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(Courtesy of The Crystal Cove Conservancy)
 Crystal Cove

The Beachcomber at Crystal Cove

The 12.3 acre Crystal Cove Historic District is a well-preserved example of Southern California vernacular beach architecture and terrain. The District retains the scale and ambiance of a 1930's beach resort.

"Crystal Cove" was named in 1927 by Elizabeth Wood "because the name seemed right for such a beautiful place." The site was always a favorite spot of the owners James Irvine II and James Irvine III, who spent much time enjoying the beach setting. They generously allowed employees and friends to build small shelters and cottages along the beach and against the bluffs.

During these years, the cottages were close to the creek that drained Los Trancos Canyon. Tents were pitched on the beach. A parking area for cars was developed at the foot of the canyon. Sometime in the 1920's, a lumber ship capsized and wood suitable for construction of more cottages drifted ashore.

It became a tradition for many families who had enjoyed the Cove since the 1920's to return to this favored place each summer. The Irvine Family had been generous with permission for the construction of the cottages that still line the beach today, virtually unchanged. In the late 1930's, as the cottage owners made improvements and lengthened their stay, the Irvine Family decided that those with cottages must make a choice. They were invited to either move their cottages elsewhere or to relinquish ownership and lease their cottages from The Irvine Company.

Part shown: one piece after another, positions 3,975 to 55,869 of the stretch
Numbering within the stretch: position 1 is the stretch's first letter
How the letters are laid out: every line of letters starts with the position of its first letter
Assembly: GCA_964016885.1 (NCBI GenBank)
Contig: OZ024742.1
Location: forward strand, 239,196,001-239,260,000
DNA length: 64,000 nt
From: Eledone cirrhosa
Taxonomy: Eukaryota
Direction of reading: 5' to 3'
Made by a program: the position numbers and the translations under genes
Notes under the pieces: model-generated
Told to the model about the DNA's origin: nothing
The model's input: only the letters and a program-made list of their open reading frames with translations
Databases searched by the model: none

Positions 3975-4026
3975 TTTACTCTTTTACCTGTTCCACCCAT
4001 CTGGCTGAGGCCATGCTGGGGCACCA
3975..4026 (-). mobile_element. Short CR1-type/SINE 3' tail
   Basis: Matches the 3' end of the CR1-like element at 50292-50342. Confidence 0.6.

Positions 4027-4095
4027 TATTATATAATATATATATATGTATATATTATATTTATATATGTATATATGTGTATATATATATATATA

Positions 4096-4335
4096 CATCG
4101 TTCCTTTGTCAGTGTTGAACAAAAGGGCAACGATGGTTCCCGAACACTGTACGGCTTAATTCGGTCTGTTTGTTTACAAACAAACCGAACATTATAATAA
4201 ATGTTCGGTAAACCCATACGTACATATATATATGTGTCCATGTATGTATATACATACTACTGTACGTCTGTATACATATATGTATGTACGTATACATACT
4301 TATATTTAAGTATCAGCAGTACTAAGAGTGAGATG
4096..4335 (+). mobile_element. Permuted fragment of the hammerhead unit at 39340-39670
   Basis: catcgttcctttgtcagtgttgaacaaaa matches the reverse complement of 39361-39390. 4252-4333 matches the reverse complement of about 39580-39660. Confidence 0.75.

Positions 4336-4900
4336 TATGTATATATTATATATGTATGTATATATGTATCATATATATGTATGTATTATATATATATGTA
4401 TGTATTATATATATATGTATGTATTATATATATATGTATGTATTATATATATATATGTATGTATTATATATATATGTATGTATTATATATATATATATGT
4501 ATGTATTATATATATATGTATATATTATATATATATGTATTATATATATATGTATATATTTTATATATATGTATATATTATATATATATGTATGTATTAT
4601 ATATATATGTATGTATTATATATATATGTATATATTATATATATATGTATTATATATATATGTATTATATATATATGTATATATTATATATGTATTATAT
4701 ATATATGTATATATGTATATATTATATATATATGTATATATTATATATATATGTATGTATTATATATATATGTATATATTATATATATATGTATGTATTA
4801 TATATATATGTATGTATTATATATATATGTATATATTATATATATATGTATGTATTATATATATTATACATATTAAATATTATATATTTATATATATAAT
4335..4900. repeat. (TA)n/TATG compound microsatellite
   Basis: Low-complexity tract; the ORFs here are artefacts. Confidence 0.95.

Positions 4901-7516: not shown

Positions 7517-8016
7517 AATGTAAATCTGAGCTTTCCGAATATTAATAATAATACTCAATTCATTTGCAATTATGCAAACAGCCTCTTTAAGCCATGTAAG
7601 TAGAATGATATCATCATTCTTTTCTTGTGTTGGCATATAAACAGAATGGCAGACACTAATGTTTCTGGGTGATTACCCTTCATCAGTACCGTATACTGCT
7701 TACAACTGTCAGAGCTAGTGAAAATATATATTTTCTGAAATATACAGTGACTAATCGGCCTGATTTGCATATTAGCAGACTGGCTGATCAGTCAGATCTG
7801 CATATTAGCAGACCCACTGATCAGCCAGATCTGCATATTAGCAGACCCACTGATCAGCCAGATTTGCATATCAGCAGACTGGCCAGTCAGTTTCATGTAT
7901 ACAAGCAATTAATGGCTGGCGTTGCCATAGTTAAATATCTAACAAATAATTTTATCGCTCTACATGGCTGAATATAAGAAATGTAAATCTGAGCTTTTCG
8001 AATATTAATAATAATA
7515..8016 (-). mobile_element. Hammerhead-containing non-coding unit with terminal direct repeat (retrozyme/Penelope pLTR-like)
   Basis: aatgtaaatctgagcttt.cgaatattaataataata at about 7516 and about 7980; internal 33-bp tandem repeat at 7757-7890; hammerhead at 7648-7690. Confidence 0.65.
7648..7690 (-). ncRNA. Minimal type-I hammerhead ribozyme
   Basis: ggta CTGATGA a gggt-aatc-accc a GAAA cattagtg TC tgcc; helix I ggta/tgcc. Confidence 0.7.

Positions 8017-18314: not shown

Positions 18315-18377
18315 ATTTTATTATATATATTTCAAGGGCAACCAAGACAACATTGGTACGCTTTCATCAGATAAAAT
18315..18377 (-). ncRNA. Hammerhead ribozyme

This short term leasing system actually served to preserve Crystal Cove in its original form since the leases specified that no dimensional changes could be made to the cottages. This single act ensured that the area appears much as it did in the 1920's with the exception of the absence of seasonal visitors who are no longer allowed to pitch tents on the beach.

In the mid-seventies, Martha Padve learned of the California State Parks’ interest in acquiring Crystal Cove. Mrs. Padve and her husband had been weekend residents of the Cove for nearly 20 years. Her interest in historic preservation in her home town of Pasadena led her to explore placing Crystal Cove on the National Register of Historic Places, thereby saving the cottages for future use. With the help and advice of another Cove resident, historian Christine Shirley, and of Elsa Burns, a preservationist from San Juan Capistrano, Mrs. Padve researched the early history of Crystal Cove and its resident community. She wrote a successful proposal adopted by members of the State Historical Commission, who recommended it for National Register status.

In 1979, the State of California purchased the land from The Irvine Company to form a state park named after Crystal Cove.

Crystal Cove Film History

In the 1920's, the primitive and beautiful Crystal Cove attracted the attention of the booming silent film industry. Palm trees are shown as early as 1917 in photographs, and a "paradise of the south seas" was created for film makers who could easily reach this location by rail and spare themselves the expense of an actual location trip. Small cottages were built and thatched with palms, and Crystal Cove took on the exotic appearance of Hawaii or Tahiti. For years every cottage built at Crystal Cove kept its palm thatch, because the needs of the filmmakers were considered.

Films reportedly shot here include Rain, Treasure Island, Half a Bridge, and White Shadows of the South Seas. At Table Rock, located at the southernmost end of Crystal Cove, the film Storm Tossed was made in 1921.

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The Beachcomber at Crystal Cove   15 Crystal Cove   Newport Coast, CA 92657
Telephone: 949-376-6900   Fax: 949-644-4625   Catering: 949-644-8759